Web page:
OBJECTIVE

To examine the effectiveness and cost-effectiveness of a PA intervention plus standard behavioural support for smoking cessation relative to behavioural support alone for achieving smoking cessation at the end of pregnancy.

DESIGN

Multicentre, two-group, pragmatic randomised controlled trial and economic evaluation with follow-up at the end of pregnancy and 6 months postnatally. Randomisation was stratified by centre and a computer-generated sequence was used to allocate participants using a 1â :â 1 ratio.

SETTING

13 hospitals offering antenatal care in the UK.

PARTICIPANTS

Women between 10 and 24 weeks' gestation smoking five or more cigarettes a day before pregnancy and one or more during pregnancy.

INTERVENTIONS

Participants were randomised to behavioural support for smoking cessation (control) or behavioural support plus a PA intervention consisting of supervised treadmill exercise plus PA consultations. Neither participants nor researchers were blinded to treatment allocation.

MAIN OUTCOME MEASURES

The primary outcome was self-reported, continuous smoking abstinence between a quit date and end of pregnancy, validated by expired carbon monoxide and/or salivary cotinine. Secondary outcomes were maternal weight, depression, birth outcomes, withdrawal symptoms and urges to smoke. The economic evaluation investigated the costs of the PA intervention compared with the control intervention.

RESULTS

In total, 789 women were randomised (nâ =â 394 PA, nâ =â 395 control). Four were excluded post randomisation (two had been enrolled twice in sequential pregnancies and two were ineligible and randomised erroneously). The intention-to-treat analysis comprised 785 participants (nâ =â 392 PA, nâ =â 393 control). There was no significant difference in the rate of abstinence at the end of pregnancy between the PA group (7.7%) and the control group (6.4%) [odds ratio for PA group abstinence 1.21, 95% confidence interval (CI) 0.70 to 2.10]. For the PA group compared with the control group, there was a 33% (95% CI 14% to 56%), 28% (95% CI 7% to 52%) and 36% (95% CI 12% to 65%) significantly greater increase in self-reported minutes of moderate- and vigorous-intensity PA from baseline to 1 week, 4 weeks and 6 weeks respectively. Accelerometer data showed that there was no significant difference in PA levels between the groups. There were no significant differences between the groups for change in maternal weight, depression, withdrawal symptoms or urges to smoke. Adverse events and birth outcomes were similar between the groups except for there being significantly more caesarean births in the control group than in the PA group (28.7% vs. 21.3%; pâ <â 0.023). The PA intervention was less costly than the control intervention by £35 per participant. This was mainly attributable to increased health-care usage in the control group. However, there was considerable statistical uncertainty around this estimate.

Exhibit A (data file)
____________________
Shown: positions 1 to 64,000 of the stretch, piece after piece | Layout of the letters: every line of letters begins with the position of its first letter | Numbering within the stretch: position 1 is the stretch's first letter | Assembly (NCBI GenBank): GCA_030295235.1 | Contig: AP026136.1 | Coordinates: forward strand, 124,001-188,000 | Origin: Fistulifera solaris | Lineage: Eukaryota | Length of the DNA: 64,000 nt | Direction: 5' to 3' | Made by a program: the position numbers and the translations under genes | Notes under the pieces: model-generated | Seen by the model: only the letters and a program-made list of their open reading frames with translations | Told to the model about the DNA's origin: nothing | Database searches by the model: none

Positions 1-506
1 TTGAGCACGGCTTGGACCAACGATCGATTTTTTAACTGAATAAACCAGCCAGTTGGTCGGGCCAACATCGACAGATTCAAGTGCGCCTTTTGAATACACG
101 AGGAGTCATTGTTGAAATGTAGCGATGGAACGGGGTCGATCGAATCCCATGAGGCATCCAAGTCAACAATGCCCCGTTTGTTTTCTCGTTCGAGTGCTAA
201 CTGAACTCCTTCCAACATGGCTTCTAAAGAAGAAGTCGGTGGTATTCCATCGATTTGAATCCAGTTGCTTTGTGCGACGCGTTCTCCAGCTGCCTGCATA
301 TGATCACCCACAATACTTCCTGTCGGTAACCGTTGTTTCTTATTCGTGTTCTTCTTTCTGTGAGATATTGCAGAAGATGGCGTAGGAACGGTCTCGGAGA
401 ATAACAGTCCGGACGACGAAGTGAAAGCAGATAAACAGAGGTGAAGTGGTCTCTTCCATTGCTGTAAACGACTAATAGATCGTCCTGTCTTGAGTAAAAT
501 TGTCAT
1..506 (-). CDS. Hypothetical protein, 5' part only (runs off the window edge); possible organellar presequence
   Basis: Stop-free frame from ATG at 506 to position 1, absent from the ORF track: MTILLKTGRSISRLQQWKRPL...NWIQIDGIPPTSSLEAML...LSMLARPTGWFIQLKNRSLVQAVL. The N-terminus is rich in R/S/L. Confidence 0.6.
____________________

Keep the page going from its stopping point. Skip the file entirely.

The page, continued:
CONCLUSIONS